Volume 7, Issue 3, May 2019, Page: 66-70
Introducing the Term “Neuroregulator” in Psychiatry
Michael Raymond Binder, Department of Psychiatry, NorthShore University HealthSystem, Highland Park Hospital, Highland Park, USA
Received: Aug. 13, 2019;       Accepted: Aug. 28, 2019;       Published: Sep. 16, 2019
DOI: 10.11648/j.ajcem.20190703.11      View  95      Downloads  14
Abstract
Despite the increasing burden of mental illness, social stigma and fears about the potential mind-altering effects of psychotropic drugs prevent most persons from seeking treatment. The problem is compounded by the high rate of diagnostic uncertainty in psychiatry and psychotropic drug labels that can be as confusing as the diagnosis. The terms “anticonvulsant” and “antipsychotic” often have little to do with what is being treated, and the replacement term “mood stabilizer” is inadequate because many patients for whom mood stabilizers are prescribed do not experience any significant mood instability. This calls for a more appropriate label for these psychotropic drugs. Anticonvulsants and antipsychotics have neuroregulatory effects, and converging lines of evidence suggest that most psychiatric disorders are rooted in an inherent hyperexcitability of the neurological system—the neurons won’t shut off. Based on these observations, I propose that the terms anticonvulsant, antipsychotic, and mood stabilizer be replaced with the more pharmacologically and pathophysiologically-related term “NEUROREGULATOR.” The adoption of this descriptive, user-friendly term by prescribing clinicians and dispensing pharmacists would help avoid patient confusion and improve medication compliance by helping patients conceptualize what these drugs do in the brain and how they might be working to relieve symptoms.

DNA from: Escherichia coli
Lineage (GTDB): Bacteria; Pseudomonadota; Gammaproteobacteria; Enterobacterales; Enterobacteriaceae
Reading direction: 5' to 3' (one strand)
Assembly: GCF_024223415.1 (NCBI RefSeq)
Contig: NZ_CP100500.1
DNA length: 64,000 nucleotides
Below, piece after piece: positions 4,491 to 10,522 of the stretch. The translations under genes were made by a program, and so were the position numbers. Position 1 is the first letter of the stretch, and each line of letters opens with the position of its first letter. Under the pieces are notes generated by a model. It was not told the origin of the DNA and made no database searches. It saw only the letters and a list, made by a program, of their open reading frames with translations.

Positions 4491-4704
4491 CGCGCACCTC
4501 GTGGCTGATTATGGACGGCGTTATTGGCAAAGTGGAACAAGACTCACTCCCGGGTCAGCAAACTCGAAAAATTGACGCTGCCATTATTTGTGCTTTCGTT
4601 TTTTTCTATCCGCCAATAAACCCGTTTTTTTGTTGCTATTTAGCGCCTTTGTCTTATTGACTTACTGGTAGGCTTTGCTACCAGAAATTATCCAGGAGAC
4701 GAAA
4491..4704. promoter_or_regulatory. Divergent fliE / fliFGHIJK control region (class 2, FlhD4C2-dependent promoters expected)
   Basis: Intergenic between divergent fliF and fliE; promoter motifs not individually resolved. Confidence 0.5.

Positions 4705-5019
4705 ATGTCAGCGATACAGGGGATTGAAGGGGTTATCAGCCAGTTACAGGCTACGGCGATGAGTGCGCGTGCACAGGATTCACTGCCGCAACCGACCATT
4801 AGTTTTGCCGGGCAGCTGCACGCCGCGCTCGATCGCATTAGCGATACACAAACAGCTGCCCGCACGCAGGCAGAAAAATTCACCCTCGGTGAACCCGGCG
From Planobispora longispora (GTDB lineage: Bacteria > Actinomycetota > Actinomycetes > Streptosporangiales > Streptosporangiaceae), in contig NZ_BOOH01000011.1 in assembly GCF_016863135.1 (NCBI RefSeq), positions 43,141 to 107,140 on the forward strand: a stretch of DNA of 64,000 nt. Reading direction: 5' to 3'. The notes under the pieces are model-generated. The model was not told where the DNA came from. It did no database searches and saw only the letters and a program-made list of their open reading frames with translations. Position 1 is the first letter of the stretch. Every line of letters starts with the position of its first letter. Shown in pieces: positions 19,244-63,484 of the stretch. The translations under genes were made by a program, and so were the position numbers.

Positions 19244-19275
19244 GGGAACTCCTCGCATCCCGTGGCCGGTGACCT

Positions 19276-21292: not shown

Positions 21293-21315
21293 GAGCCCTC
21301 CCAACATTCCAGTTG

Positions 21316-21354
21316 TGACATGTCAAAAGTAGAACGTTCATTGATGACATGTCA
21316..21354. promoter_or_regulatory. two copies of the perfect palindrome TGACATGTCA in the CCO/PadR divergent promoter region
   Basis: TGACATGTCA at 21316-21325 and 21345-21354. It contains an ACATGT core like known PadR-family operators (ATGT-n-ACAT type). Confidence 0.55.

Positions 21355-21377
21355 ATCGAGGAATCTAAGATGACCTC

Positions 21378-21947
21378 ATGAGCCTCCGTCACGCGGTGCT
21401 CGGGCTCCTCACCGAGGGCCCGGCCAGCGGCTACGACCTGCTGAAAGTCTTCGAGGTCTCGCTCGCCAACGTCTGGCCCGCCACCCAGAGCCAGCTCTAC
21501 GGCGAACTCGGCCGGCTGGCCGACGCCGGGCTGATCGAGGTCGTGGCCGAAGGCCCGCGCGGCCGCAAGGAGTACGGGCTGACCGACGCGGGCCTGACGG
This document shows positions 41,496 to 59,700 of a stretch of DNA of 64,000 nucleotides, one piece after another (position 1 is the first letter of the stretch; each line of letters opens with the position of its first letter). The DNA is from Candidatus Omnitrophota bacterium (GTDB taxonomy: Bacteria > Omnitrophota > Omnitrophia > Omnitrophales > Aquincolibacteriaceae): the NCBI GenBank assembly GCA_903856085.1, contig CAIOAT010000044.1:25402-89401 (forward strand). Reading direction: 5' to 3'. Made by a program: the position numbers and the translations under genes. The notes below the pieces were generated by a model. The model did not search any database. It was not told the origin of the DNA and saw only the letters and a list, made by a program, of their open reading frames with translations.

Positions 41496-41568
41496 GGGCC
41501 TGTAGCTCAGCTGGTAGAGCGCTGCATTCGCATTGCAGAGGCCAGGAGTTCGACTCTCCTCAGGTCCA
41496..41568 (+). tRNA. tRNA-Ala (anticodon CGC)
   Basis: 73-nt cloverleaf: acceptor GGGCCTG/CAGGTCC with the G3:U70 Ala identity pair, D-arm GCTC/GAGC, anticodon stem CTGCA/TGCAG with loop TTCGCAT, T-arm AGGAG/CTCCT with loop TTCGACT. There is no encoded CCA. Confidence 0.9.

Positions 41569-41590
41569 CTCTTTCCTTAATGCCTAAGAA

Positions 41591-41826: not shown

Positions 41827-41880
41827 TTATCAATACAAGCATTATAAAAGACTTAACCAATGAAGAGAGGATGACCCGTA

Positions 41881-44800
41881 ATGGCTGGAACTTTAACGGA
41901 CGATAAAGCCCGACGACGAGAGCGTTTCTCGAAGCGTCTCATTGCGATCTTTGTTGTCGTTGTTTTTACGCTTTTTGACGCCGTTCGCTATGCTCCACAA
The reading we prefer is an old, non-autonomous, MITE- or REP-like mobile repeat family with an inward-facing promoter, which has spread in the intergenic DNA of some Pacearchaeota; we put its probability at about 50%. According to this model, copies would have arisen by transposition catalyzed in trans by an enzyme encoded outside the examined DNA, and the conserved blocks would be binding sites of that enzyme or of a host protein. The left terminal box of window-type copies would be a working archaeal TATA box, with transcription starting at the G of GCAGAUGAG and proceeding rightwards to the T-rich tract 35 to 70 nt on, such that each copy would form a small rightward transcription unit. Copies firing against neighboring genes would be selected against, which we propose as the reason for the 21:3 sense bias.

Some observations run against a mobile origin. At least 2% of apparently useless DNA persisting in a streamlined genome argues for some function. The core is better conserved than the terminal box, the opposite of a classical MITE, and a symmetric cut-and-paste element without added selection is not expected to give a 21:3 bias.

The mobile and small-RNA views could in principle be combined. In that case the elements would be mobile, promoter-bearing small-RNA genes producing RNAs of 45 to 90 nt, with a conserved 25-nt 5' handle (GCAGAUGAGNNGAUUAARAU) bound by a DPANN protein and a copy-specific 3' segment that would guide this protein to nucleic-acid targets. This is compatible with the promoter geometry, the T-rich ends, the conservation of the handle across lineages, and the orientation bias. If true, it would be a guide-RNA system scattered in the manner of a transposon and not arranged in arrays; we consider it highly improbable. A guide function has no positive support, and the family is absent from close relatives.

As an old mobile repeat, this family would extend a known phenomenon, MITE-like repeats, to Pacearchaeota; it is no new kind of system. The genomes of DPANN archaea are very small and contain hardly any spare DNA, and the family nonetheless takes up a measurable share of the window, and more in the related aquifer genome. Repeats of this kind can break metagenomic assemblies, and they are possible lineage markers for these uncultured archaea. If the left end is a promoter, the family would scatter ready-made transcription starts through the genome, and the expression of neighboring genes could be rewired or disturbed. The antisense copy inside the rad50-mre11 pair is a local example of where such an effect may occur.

Keywords
Neuromodulators, Neuroregulators, Anticonvulsants, Antiepileptics, Antipsychotics, Mood Stabilizers, Major Tranquilizers, Psychotropic Drugs
To cite this article
Michael Raymond Binder, Introducing the Term “Neuroregulator” in Psychiatry, American Journal of Clinical and Experimental Medicine. Vol. 7, No. 3, 2019, pp. 66-70. doi: 10.11648/j.ajcem.20190703.11
Copyright
Copyright © 2019 Authors retain the copyright of this article.
This article is an open access article distributed under the Creative Commons Attribution License (http://creativecommons.org/licenses/by/4.0/) which permits unrestricted use, distribution, and reproduction in any medium, provided the original work is properly cited.
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